I like small churches. At the same time, I am frustrated with small churches. I can admire the faithfulness of a handful of believers coming together to worship Almighty God and proclaim Christ as Savior. I can also name off the top of my head no less than a dozen churches near me which have ceased to be houses of worship so much as they are bastions of creatures of habit. As the pastor of a small church, I see the dangers of losing focus every day of my ministry. It's easy to get so lost in the problems that we miss the whole point.
Dunker Journal pointed me to this story of a small church which shut it's doors a few Sundays ago. I've driven by the Wakarusa Church of the Brethren on occasion. From the road it looks like countless other churches. On the inside it probably was as well. I know many churches who celebrate a long history of existance, but that's about it. The unstated goal seems to be keeping the doors open every Sunday, not outreach or evangelism or missions or even worship. Maybe this is what the folks at Wakarusa had come up against. Or perhaps it was just a huge struggle to pay the bills, let alone think about doing anything more than holding services and the occasional potluck. I don't know, and I'm in no position to rail against that congregation. In fact in many ways I admire their courage. It's not an easy decision. It's hard to realize that it's time to pull the plug.
My congregation usually numbers between 40 and 75 each Sunday. That's small. I'm not talking Texas-small, but small. Yet there are plenty of churches nearby which are smaller still. There are specific problems associated with being a church of this size. We cannot offer the "programs" (I hate that term) that bigger churches do. We do not have a huge staff. I am the staff, and although I continue to expand physically, I cannot do all that many other pastors can do. I am a part-time pastor, which means that my wife or myself (or both) must have other employment. As a result, many people look elsewhere for a church home because we can only give them a fraction of what they want. But realistically, size doesn't matter. It's a matter of heart.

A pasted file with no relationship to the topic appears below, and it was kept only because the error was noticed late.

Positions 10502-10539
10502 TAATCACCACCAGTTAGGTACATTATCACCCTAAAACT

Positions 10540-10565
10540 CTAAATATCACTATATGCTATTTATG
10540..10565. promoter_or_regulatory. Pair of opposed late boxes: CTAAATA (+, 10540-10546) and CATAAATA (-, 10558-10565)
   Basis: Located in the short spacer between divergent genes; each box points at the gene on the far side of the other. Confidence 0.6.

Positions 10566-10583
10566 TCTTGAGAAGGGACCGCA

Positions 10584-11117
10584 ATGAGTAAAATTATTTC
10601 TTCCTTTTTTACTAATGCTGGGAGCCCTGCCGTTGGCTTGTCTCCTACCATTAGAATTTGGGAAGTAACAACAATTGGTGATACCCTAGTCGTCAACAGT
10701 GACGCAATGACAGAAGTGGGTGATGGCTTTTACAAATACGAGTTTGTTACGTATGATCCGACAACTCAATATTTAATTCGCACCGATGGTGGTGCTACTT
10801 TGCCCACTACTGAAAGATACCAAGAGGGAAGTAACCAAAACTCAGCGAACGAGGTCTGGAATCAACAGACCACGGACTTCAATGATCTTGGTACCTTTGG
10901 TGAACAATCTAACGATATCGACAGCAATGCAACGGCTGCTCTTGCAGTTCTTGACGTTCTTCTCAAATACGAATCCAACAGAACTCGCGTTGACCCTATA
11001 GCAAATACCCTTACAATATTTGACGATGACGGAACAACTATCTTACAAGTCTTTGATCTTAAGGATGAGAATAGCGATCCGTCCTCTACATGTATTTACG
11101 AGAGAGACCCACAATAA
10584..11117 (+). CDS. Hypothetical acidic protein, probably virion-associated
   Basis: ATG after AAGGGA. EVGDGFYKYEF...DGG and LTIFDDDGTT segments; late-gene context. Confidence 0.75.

When I first arrived here over eight years ago, much of the focus of the church was on survival. A few disputes had caused some to leave and my predecessor had just left -- another in a long line of pastors. Money was tight, attendance was down and concern drifted away from worshiping God and doing any real ministry. It wasn't easy to change the mindset around the church, but God used people and circumstances to do the improbable.
With this experience in mind, I want every local church to have the opportunity to remember the reason services are held. But at the same time if no one is willing to change out of survivalist mode, there is no reason for the church doors to remain open. The focus of the church is never to be the church itself, but upon Jesus Christ. But if we become so wed to the idea that the survival of one local church is of paramount importance to the Church Universal, we're really not worshiping God anyway.
I'll steal this quote from my Bishop's blog, which he attributes to a pastor at a church not far from Wakarusa, "Whenever memories are greater than your future, you're writing your last chapter." And I'll add my own thoughts to it: "When memories are all you have, you need to willingly close the doors."